Wednesday, July 20, 2011

The Many Roads To Broke.

Unlike Rome, not all roads lead to broke, but a lot do.

Personally, being broke doesn’t seem appealing. That’s why it seems strange that so many people aspire to it as discussed in a previous posting entitled “The Only Truth About Finance.” However, there’s more than just ignoring the fact that “If you always spend all the money you get on consumption, you will always be broke.” Logicians have a fancy word for it, but in simple terms, the reverse isn’t true. Even if you don’t always spend all the money you get, you can end up broke. One way was mentioned as a corollary: Just spend all you have one time and you get to broke.

There are, however, numerous other paths. Bad investments are one, thus the extensive discussion of investing in previous postings. The path most relevant currently is borrowing. Mismanaging credit can offset prudent attention to the only truth in finance. When one thinks about borrowing, it is essential to remember this quote from “Whose Future Is It:” “The borrower is betting his or her future. The lender is just betting someone else’s money.” So, let’s look at betting one’s future. In the posting entitled, “On Investing Part 14 (contd.): Some old fashion beliefs had a sophisticated basis,” it was addressed as it relates to the most common form of real estate investment, but there is more nonsense said about borrowing than just about any topic.

We’ll come back to the myths; for now let’s focus on broke as it relates to borrowing. Borrowing by itself can lead to broke. That’s very true of consumption loans. But, even with consumer loans, borrowing alone doesn’t make the broke permanent. There’s certainly greater risk with consumer loan than loans used to finance investments. So, consumer loans will be the topic of the next posting.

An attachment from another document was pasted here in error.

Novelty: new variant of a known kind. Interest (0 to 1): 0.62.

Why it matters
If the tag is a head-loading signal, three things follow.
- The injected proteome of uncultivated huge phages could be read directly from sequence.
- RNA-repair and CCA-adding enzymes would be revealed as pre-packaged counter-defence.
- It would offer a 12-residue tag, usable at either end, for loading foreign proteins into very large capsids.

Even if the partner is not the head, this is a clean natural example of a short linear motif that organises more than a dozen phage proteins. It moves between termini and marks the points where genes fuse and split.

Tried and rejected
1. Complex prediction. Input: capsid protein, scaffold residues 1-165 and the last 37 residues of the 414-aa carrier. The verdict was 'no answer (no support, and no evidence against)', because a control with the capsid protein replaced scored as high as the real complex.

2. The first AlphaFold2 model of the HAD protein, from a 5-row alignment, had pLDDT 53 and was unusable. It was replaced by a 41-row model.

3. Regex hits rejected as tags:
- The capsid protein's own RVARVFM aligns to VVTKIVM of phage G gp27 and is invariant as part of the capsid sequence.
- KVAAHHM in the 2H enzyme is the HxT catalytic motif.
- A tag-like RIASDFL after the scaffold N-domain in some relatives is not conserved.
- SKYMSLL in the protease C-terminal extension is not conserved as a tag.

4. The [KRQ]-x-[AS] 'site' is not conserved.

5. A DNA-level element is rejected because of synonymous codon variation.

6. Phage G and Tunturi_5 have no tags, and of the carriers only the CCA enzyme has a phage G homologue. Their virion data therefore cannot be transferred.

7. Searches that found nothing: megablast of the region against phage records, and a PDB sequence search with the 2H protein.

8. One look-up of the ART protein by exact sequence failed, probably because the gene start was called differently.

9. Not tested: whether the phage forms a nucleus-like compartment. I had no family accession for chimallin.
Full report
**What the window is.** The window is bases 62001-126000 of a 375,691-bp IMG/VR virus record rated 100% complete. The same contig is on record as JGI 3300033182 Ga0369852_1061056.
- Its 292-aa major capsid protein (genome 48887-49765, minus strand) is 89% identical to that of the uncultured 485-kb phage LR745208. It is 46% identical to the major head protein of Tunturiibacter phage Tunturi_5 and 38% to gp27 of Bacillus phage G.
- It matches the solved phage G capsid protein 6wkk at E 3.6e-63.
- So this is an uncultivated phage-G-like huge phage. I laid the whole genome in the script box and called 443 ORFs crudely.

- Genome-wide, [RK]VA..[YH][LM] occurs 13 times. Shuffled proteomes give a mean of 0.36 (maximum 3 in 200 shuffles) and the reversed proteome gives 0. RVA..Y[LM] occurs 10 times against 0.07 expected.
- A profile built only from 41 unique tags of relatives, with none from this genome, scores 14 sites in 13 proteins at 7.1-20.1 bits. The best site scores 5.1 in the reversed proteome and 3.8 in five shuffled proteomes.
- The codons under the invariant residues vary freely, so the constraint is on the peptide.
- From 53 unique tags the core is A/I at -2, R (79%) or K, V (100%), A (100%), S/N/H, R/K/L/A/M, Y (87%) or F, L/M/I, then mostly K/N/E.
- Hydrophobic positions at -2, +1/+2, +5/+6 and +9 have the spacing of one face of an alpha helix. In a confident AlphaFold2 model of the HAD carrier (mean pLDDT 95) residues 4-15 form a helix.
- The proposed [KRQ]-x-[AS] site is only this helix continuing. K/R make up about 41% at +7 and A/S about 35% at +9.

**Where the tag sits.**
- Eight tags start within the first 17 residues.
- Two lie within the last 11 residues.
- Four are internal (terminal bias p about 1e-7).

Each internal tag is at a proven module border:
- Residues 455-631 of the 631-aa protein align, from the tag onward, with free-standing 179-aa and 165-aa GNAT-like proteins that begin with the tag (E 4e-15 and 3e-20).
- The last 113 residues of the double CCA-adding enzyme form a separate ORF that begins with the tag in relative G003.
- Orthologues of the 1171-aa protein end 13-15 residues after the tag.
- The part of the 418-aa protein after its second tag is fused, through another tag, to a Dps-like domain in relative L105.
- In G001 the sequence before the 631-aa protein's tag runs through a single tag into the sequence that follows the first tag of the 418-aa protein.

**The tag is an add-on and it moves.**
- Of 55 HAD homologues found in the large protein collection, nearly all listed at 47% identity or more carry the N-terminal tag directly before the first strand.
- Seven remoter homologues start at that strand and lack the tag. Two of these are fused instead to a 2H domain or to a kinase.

What’s particularly risky about borrowing is that previous experience where borrowing worked out, isn’t good guidance as to whether it will work out the next time. Each success influences the borrower’s perception of the cost and risk. Thus, success reduces, or biases, the assessment that led to success. That’s true without reference to repetitiveness (i.e., how often loans are taken out). It’s true without reference to scale (i.e., how much is borrowed or how much leverage results from the loan). Those can be viewed as results of the bias; they are symptoms, not the cause.

In fact, on a mass scale, previous success actually gives off the wrong signal. If the logic above is as correct as behavioral research indicates, then mass success creates a leverage bubble. The risk associated with each individual’s borrowing is increased because everyone is successfully borrowing. That’s true even without the demonstration effect (i.e., everyone is doing it, so it must be OK) on each individual’s assessment. Further, those results don’t even take into account the analogous lender responses.

Borrowing can take one beyond just ignoring the only truth in finance and actually, in a sense, stand it on its head. It is the only way to actually spend more than what you make. So, it isn’t too surprising that borrowing is a major road to broke. It is worth remembering the three Ds of estate sales (death, divorce and debt).

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